Sturt, G. Classroom Management, [Available online] on 6th April, 2012 at:    http://webcache.googleusercontent.com/search?q=cache:SXZuI7iQVjcJ:homepage.ntlworld.com/gary.sturt/classman.htm+http://homepage.ntlworld.com/gary.sturt/classman.htm&cd=1&hl=en&ct=clnk&gl=pk

Wiley, Manage diversity in your class room, [Available online] on 6th April, 2012 at:    http://media.wiley.com/product_data/excerp.

Wong, H. (1998) The First Days of School: How to be an Effective Teacher,Wong publications.

Zauss, E. A., Educational Philosophy of Classroom Management, Educational Resources for Teachers [Available online] on 6th April, 2012 at:  https://sites.google.com/site/amandazauss/educational-philosophy-of-classroom-management

18 Dec 2010

Sample Essay: Plato

Plato is one of the great creators of philosophy, writing, the arts, and mathematics. His entire life has been to contributing change in the way we think and communicate. Even though his time has passed the theories he created lives on in legacy. Plato wrote over thirty dialogues expressing the way of life with the teachings of his successor Socrates. With the historical records that have been collected, I will summarize his life and analysis of what I believe to be his key contributions to the way we view the world around us today.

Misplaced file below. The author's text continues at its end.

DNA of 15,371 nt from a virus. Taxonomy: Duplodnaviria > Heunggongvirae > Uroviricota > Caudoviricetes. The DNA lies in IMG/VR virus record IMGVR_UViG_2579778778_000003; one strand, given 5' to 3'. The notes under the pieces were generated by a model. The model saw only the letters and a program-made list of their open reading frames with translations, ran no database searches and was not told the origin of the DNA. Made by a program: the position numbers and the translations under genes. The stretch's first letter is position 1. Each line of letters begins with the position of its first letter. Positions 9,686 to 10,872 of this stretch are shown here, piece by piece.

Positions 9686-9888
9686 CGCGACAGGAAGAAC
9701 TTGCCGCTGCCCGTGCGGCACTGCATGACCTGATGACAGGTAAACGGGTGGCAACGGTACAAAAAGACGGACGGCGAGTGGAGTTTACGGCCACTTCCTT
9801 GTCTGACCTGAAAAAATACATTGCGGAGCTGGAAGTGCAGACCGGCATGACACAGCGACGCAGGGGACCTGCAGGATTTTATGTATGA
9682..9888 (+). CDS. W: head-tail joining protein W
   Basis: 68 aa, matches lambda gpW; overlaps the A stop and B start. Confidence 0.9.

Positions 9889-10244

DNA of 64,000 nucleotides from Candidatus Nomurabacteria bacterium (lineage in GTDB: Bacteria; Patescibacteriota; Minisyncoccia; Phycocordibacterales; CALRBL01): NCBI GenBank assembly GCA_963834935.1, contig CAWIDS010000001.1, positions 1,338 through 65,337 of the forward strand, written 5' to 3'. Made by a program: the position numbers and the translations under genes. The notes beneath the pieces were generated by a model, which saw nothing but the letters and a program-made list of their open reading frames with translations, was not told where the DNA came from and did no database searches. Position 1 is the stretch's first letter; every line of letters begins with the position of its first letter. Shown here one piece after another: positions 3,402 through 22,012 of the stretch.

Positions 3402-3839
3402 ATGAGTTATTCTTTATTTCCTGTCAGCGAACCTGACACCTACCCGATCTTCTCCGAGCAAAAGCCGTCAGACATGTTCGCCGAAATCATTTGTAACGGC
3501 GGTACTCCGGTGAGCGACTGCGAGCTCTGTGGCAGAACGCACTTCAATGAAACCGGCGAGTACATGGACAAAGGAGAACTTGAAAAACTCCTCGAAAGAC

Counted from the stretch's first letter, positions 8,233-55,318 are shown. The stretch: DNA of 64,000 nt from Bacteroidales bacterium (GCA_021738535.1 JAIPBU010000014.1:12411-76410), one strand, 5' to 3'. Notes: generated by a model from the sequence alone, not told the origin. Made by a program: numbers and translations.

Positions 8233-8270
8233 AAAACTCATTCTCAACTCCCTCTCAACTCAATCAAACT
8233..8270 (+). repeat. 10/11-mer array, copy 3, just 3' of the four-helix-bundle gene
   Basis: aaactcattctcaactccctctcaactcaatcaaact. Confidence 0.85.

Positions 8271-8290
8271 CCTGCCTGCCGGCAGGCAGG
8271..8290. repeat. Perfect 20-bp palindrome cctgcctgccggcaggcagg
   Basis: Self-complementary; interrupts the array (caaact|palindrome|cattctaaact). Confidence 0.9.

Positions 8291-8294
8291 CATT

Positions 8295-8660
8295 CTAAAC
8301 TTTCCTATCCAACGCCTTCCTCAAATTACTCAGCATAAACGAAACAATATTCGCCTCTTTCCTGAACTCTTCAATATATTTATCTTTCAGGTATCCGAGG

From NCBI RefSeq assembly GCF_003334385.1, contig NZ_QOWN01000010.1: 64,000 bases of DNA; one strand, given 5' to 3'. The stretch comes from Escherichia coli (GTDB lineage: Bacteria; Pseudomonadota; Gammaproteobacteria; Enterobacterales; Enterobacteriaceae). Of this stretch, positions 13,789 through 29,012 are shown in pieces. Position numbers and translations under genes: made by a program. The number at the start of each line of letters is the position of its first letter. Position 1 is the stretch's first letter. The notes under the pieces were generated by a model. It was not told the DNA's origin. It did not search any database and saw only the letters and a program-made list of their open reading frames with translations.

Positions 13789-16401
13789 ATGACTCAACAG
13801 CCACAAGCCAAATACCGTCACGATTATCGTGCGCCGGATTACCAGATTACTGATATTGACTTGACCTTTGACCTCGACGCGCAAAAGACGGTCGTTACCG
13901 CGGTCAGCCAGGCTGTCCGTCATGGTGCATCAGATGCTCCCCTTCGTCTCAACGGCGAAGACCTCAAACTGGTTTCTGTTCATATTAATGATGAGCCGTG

Historical records suggest that the real name of Plato is Aristocles, named after his grandfather. But his wrestling coach gave him the name “Platon” which is famous even till today. According to the historical data, dating from the Alexandrian period, Plato was given the name “Platon”, which means “breadth” due to his vigorous physical appearance. Plato had been instructed in gymnastics, music and grammar by the most distinguished teachers of that time (Platthy). Even before Plato met Socrates he had attended several courses in philosophy. In his philosophy courses he first became acquainted with Cratylus, who was a disciple of Heraclitus a prominent pre-Socratic Greek philosopher, and the Heraclitean doctrines (Kraut).